From hardscrabble, “country academy” roots, how we became a global research university
Rolla in 1871 was a rough-hewn, hardscrabble town. It had more taverns than churches, no paved streets, and seemingly “as many dogs, hogs, horses, ducks and geese as humans walking the dusty streets,” writes Larry Gragg, Curators’ Distinguished Teaching Professor emeritus of history and political science.
The town of 1,400 had been a line of defense for the Union Army during the Civil War, which had ended six years earlier. The ravaged nation was still recovering from that conflict.
The Rolla of 1871 seemed an unlikely setting for what would become a major research university by the 21st century. Yet it was here, on the site of Fort Dette, the former Union outpost, that the Missouri School of Mines and Metallurgy (MSM) took root.
The early years were difficult. Derided by one college president as a “country academy,” MSM was poorly funded, struggling to enroll students, and even opposed at times by the very board that governed it. One early leader of MSM described it as “a forlorn foundling … despised by the mother institution,” the University of Missouri based 90 miles to the north, in Columbia.
Nevertheless, MSM persisted.
From these ignoble roots, the university we now know as Missouri S&T became a launchpad for world-changing innovations.
“S&T has been able to endure because every generation of faculty and administrators has embraced the land-grant mission of providing access to higher education for qualified Missourians. Whatever challenges faced them, faculty members and campus leaders understood the significance of striving to achieve that compelling mission.”
Its graduates have led major enterprises, including GM, FedEx, Sprint and Bell Labs. Its alumni have advanced NASA and NASCAR, established global humanitarian efforts, and founded countless small businesses. Alumni are known the world over for their problem-solving and can-do spirit. Employers take pride in hiring a “Rolla grad” from MSM, UMR or S&T.
How has this university persevered — even thrived — through all these years? According to Gragg, whose new history book Forged In Gold chronicles the campus’s first 150 years, “S&T has been able to endure because every generation of faculty and administrators has embraced the land-grant mission of providing access to higher education for qualified Missourians. Whatever challenges faced them, faculty members and campus leaders understood the significance of striving to achieve that compelling mission.”
In many ways, the history of S&T parallels that of other land-grant institutions. As Stanford University’s David F. Labaree explains in his 2017 book A Perfect Mess: The Unlikely Ascendancy of American Higher Education, by the time of MSM’s founding, the “remarkably humble” U.S. college system was emerging as a rag-tag collection of “lean, adaptable, autonomous … and radically decentralized” institutions. MSM fit right in.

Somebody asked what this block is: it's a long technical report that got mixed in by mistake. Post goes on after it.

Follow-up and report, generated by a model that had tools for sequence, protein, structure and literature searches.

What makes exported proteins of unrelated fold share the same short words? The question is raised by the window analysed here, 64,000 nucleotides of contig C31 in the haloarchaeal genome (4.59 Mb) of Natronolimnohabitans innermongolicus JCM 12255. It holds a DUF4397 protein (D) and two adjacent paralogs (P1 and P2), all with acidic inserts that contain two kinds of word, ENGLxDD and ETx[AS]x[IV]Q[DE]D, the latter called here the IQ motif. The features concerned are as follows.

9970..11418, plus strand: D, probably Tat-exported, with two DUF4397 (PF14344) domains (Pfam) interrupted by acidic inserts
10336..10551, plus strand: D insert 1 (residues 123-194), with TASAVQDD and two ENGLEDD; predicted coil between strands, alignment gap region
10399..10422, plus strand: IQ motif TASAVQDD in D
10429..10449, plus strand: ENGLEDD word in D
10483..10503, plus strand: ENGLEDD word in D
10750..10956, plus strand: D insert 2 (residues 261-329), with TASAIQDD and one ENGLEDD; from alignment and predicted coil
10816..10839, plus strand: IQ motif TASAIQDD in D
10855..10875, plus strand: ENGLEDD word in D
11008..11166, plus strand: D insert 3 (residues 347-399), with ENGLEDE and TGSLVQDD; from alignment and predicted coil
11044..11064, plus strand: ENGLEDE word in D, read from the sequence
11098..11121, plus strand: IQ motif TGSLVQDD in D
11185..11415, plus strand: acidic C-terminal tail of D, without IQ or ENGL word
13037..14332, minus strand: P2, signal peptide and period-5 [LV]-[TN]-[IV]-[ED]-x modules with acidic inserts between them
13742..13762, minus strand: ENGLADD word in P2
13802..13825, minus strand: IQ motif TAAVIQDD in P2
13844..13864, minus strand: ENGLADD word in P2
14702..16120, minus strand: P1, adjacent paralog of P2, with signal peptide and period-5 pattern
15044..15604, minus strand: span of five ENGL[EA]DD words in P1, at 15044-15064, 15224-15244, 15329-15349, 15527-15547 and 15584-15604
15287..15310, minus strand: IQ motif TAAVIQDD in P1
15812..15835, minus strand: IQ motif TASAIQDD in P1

Land-grant universities like S&T offer “a practical education in vocationally useful skills that will prepare students to be adept practitioners in professional roles,” Labaree writes. S&T has taken that pragmatic approach to heart. That’s why many graduates have found success in business and in major national initiatives — notably NASA’s Apollo space program in the 1960s.
There’s also a “do-it-yourself” ethos that runs through the institution and its students. One of our earliest graduates — L.R. Grabill, class of 1878 — described this attitude well when he wrote that our students “work not only with their heads, but with their hands.” They get stuff done.
In Grabill’s day, that approach was essential to a nation recovering from the Civil War and expanding its industrial capacity. In the years since, students and graduates have responded to other national and worldwide needs, from world wars to the space race to the global need for clean water.
As Gragg points out, MSM in the 1870s was one of only a handful of schools nationwide that offered mining engineering instruction, “so there were few models” for MSM’s first director, Charles P. Williams, to go by as he developed the curriculum for the new institution.
But Williams had this charge from University of Missouri President Daniel Read: To make MSM “a school both of science and of its applications: its purpose is to teach knowledge and art — first to know and then to do, and to do in the best manner.”
That was enough. And since those hardscrabble early days, students and alumni of MSM, UMR and S&T have forged ahead, armed with their Rolla education, to know and to do, all in the best manner. As this university endures all current and future difficulties, its alumni will continue to do so well into the future.